A similar haunting feeling emanates from Freiheit, and this is perhaps why I have my own idiosyncratic reading of the film, not as a successful social drama, which ultimately it isn’t, trapping its heroine in a cage she is never allowed to transcend, but as a social horror. Motherhood, or perhaps, at times, parenthood lies at the very heart of Freiheit’s general sense of entrapment. Yet as little as we may sympathize with the unfaithful and petty Philip, he partly redeems himself in his newly found role as a single parent. For Nora, however, the only redemption comes when she puts on a blond wig, suddenly looking as monstrous and ghastly as Jessica in I Walked with a Zombie. A lunar landscape gleaming behind her, with a city that looks as if something from a dream, Nora drowns herself in a lake. I was thinking here how little progress we have made in our imagination since Flaubert’s Madame Bovary or Kate Chopin’s The Awakening, the two iconic mid/late 19th century novels, in which women transgress (a result of sentimental naiveté in Flaubert), and are punished in a sacrificial way—a double suicide—to appease the more squeamish, and so that social order may be preserved. (Oddly enough, the only woman in Freiheit who is freer and a mother is a sex worker, which neatly inscribes the extent of her freedom to pleasuring men).
Another film in Locarno’s international competition that evoked Cat People more directly as a horror of female sexuality and motherhood is As Boas Maneiras (Good Manners, 2017), by Brazilian filmmaker duo, Marco Dutra and Juliana Rojas (formerly of Hard Labor, 2011). It is a stylized fairytale, and as such borrows from Tourneur the basic premise of a woman whose sexuality—or should we say, joy of sex—comes to haunt her. Ana (Marjorie Estiano) hires an inexperienced black nanny, Clara (Isabél Zuaa). Clara has cared for her own grandmother, and there is a suggestion that she has intimate knowledge of suffering. Ana is white and rich, Clara black and poor. For a second we seem to be set up for a pallid morality tale about class, about social and racial divisions. Yet the film quickly transcends such meager expectations. As the two women grow close, Ana’s eerie, ravenous appetite for meat reveals its origin—her body, ravished in the woods by a wolf, now carries an animal fetus.
Dutra and Rojas borrow from old cinema the technique of matte painting (originally used by many Hollywood masters, such as Alfred Hitchcock and Orson Welles), where the background is painted in, in this case resulting in an eerie Gotham-like São Paulo, a mysterious concrete jungle, in whose deep greens we can espy a lost, enchanted forest. A fairytale setting slowly turned grim, as human passions flare up and acceptance turns to confusion and hate. Accordingly, the film’s palette darkens, from light blue to rich, murky indigos. As Ana keeps her gynecologist appointments, she is told her baby is perfectly healthy, yet she does not care. Her passion for Clara blossoms, but so does her darker, vampiric instinct. The beast has been stirred and, like Irena in Cat People, Ana will ultimately be sacrificed (in childbirth).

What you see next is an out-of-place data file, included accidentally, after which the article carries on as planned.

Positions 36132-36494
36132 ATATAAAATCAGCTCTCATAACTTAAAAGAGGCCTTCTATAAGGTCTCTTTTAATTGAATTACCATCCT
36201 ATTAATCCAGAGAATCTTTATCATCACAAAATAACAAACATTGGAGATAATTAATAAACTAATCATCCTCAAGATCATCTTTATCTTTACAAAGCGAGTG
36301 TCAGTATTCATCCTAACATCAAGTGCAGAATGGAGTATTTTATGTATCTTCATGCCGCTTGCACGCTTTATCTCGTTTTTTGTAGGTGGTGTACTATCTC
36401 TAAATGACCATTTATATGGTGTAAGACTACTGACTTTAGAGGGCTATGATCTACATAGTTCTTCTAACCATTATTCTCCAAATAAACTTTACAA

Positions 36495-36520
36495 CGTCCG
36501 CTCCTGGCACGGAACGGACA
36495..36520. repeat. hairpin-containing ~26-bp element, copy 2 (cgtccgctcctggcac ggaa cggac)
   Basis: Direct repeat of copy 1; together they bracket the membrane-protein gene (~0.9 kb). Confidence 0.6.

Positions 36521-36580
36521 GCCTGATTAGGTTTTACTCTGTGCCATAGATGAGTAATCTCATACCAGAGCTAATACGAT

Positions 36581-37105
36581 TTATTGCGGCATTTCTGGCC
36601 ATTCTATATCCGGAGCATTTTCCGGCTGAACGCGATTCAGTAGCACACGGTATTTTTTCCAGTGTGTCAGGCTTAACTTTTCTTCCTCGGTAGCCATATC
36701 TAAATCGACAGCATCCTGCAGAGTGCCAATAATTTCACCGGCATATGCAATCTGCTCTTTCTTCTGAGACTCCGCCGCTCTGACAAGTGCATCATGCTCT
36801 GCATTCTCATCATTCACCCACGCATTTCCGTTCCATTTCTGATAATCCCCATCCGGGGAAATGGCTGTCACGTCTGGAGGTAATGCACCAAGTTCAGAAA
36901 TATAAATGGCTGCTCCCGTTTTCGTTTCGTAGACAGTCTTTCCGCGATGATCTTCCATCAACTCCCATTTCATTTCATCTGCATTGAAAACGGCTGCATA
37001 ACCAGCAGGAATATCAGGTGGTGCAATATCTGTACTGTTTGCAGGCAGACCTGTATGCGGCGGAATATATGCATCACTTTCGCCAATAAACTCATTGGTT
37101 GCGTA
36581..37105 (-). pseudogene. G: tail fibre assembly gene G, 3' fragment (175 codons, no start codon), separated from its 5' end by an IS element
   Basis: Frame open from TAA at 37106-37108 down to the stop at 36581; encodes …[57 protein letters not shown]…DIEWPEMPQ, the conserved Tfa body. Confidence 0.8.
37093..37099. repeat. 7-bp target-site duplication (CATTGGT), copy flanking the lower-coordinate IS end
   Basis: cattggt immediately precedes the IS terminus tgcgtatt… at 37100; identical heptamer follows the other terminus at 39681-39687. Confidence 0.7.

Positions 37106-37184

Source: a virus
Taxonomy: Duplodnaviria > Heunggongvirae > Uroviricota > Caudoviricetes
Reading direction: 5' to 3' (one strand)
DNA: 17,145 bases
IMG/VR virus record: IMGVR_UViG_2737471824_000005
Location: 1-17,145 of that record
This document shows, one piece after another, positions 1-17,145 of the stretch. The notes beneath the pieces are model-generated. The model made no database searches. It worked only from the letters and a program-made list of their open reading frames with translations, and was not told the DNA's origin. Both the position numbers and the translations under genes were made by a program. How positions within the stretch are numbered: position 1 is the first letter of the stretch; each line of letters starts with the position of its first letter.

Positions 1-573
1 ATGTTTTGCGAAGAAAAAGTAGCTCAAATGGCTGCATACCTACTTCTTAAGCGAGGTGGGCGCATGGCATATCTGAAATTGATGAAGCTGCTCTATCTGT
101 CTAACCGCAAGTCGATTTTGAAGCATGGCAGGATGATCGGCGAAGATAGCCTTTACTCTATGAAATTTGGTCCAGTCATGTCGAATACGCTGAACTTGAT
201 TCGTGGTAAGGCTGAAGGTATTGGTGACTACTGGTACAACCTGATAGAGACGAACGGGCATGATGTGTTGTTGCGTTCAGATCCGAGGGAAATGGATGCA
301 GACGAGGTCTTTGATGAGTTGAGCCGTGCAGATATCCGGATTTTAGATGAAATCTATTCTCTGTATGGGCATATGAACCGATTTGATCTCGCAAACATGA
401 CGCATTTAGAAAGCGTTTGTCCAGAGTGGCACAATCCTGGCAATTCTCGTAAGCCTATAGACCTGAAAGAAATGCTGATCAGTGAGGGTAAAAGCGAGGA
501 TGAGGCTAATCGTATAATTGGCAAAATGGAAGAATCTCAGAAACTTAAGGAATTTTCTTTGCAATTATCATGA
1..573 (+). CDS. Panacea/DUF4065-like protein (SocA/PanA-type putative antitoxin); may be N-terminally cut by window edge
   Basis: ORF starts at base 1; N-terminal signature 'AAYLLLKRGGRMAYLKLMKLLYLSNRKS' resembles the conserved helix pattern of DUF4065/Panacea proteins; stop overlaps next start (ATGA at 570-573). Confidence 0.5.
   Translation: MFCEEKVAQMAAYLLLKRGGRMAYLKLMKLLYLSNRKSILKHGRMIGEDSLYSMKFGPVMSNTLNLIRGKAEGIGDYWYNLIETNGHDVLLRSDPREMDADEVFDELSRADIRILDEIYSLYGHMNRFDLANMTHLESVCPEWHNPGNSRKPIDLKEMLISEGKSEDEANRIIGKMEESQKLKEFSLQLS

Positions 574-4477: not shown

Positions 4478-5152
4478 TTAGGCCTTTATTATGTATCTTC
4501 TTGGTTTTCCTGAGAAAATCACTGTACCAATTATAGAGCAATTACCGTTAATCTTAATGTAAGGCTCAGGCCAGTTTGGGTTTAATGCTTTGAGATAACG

As in Tourneur, there is a second, much less expected sacrifice: transformed from a timid maid to a fulltime caretaker, passionate lover and protector, Clara now takes over, not just as Ana’s but, ultimately, her wolf-son, Joel’s, caregiver. Ana’s monstrous motherhood is transformed into Clara’s wondrous one. The latter isn’t without sacrifices, either. Clara is determined to protect the boy from the curse and therefore from his own nature. Like Irena’s from Cat People, her protective efforts are doomed to failure. Ultimately, both Clara and Joel, born of forbidden passion but saved by Clara’s love for Ana, must learn to know themselves. As the townspeople learn of Joel’s true identity, and move to lynch him after an attack, Clara and Joel unite. In fear, yet for once, unlike in Freiheit or in Cat People, theirs is a mutual pact that hints at recognition and possibility. Freedom.